Can Problem Gambling Funding In VA Keep Up With Rise In Sports Betting Issues?

Written By Phil West on January 3, 2024 - Last Updated on January 4, 2024
Photo of a lock over a keyboard, cards and dice on a story about Virginia's funding for gambling issues.

A recent report noted that even though Virginia is receiving more funding to help problem gamblers, it might need much more.

Problems associated with sports betting are on the rise, and younger bettors have become the most vulnerable. The ease of mobile wagering is speeding up the addictive process.

So, moving forward, can Virginia responsible gambling resources maintain adequate funding for problem gambling programs to meet the ever-increasing need?

Resources to combat problem gambling have increased since 2019 in VA

The VCU Capital News Service report noted that in 2019, before casino and sports betting were legalized in the state, “Virginia ranked near the bottom of all states in the amount of money directed toward problem gambling.”

The Problem Gambling Treatment and Support Fund was created in 2020 when gambling expanded in Virginia. Collection of revenue into the fund began in January 2021. Senate Bill 836, which went into effect on July 1, created the Problem Gambling Treatment and Support Advisory Committee. It is dedicated to providing more responsible gambling resources throughout Virginia.

According to the Capital News Service report:

“Casinos are now required to put .8% of a statutory tax into casino adjusted gross revenue, the money left after winning bets are paid, into the gambling help fund. Sports wagering sends 2.5% of taxed AGR to the fund.

“Virginia significantly bumped up its support in 2022 and gave around $2 million to problem gambling services according to numbers from NAADGS (National Association of Administrators for Disordered Gambling Services).”

A 2019 report to the state advocating for funding problem gambling resources, however, said as much as $6 million annually might be necessary.

Ease of online sports betting attracting younger bettors

Carolyn Hawley, an associate professor of rehabilitation counseling at VCU and president of the Virginia Council on Problem Gambling, told Capital News that sports betting is behind the recent rise in problem gambling.

“We’ve seen a huge shift, and this has been seen nationwide also. With the onset of sports betting legalization is a much younger demographic. People are starting to develop problems really quick … it’s that speed, that repetitive nature, that works with dopamine and just, you know, accelerates that addictive process.”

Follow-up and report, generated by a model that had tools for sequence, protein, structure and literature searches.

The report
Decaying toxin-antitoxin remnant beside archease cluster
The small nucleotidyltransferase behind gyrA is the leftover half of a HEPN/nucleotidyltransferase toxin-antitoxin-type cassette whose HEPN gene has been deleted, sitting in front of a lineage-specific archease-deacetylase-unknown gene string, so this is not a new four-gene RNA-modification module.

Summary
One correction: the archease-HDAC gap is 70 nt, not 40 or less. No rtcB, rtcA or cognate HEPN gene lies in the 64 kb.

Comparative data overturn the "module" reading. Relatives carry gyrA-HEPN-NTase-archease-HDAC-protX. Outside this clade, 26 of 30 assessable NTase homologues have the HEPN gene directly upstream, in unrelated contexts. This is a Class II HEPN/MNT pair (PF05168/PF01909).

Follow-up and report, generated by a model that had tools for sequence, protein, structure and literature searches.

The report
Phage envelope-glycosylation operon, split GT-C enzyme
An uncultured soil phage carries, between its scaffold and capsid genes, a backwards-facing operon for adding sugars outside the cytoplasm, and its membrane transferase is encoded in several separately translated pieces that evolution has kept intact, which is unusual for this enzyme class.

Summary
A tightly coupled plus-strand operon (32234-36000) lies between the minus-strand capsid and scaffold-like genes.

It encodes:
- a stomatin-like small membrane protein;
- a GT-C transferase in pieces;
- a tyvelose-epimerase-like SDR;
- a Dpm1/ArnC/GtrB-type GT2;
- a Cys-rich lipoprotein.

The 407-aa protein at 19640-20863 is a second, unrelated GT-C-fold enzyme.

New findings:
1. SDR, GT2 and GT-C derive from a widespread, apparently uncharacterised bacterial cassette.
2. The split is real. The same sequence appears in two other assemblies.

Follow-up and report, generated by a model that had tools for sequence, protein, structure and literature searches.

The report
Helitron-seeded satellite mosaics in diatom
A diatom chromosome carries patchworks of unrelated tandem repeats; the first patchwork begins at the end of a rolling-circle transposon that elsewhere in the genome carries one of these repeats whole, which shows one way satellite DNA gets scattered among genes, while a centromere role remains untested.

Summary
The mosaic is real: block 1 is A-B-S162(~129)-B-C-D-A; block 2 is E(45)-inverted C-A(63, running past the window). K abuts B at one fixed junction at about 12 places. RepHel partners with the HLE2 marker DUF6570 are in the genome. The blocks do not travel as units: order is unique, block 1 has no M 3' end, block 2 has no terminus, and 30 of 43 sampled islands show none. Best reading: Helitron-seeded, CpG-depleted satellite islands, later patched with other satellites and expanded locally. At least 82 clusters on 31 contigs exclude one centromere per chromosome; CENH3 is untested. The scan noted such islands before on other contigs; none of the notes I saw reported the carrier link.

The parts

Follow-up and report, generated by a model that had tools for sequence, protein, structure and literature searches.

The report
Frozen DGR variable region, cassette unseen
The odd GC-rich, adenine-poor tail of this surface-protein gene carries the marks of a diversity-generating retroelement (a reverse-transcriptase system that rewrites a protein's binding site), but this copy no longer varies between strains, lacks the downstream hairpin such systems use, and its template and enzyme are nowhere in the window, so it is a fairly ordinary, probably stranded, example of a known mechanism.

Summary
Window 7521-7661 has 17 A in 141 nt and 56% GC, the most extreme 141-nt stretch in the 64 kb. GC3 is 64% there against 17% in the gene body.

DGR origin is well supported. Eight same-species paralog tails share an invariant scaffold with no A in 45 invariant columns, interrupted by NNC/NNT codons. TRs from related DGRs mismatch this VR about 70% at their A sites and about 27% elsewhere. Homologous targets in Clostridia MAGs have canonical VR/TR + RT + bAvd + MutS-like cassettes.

Virginia Department of Behavioral Health and Developmental Services Commissioner Nelson Smith told the Virginia Mercury that “roughly 2% of Virginia’s population could be impacted by problem gambling.”

More and more people are requesting help with problem gambling, Hawley said.

“The state problem gambling helpline has seen a 788% increase in total calls between 2019 and 2022, in part due to increased advertising of the services.”

Virginia actually paying more than expected to problem gambling programs

In November 2023, Virginia casinos contributed $82,000 to the fund, while sports betting generated around $137,000. Extrapolated out to a full year, it would be more than $2.6 million.

That’s despite only three casinos currently in operation in the state. November revenue was slightly up from October’s figures. A proposed casino in Norfolk is attempting to clear an administrative hurdle next week that would allow construction to start this spring.

In September, the Mercury reported that “Virginia is collecting more tax revenue from sports betting and casinos than fiscal analysts predicted four years ago when the state was considering legalizing more types of gambling.”

Former Virginia Lottery Executive Director Kelly Gee says it’s a good start.

“You can see pretty clearly a sharp growth trend in collections for the first three years … It’s impossible to know if this activity will continue at this rate. But it’s an impressive start by all measures.”

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Phil West

Phil West is a longtime journalist based in Austin, Texas, whose bylines have appeared in The Daily Dot, Nautilus, Pro Soccer USA, Howler, Los Angeles Times, Seattle Times, Philadelphia Inquirer, San Antonio Express-News, Austin American-Statesman, and Austin Chronicle. He has also written two books about soccer.

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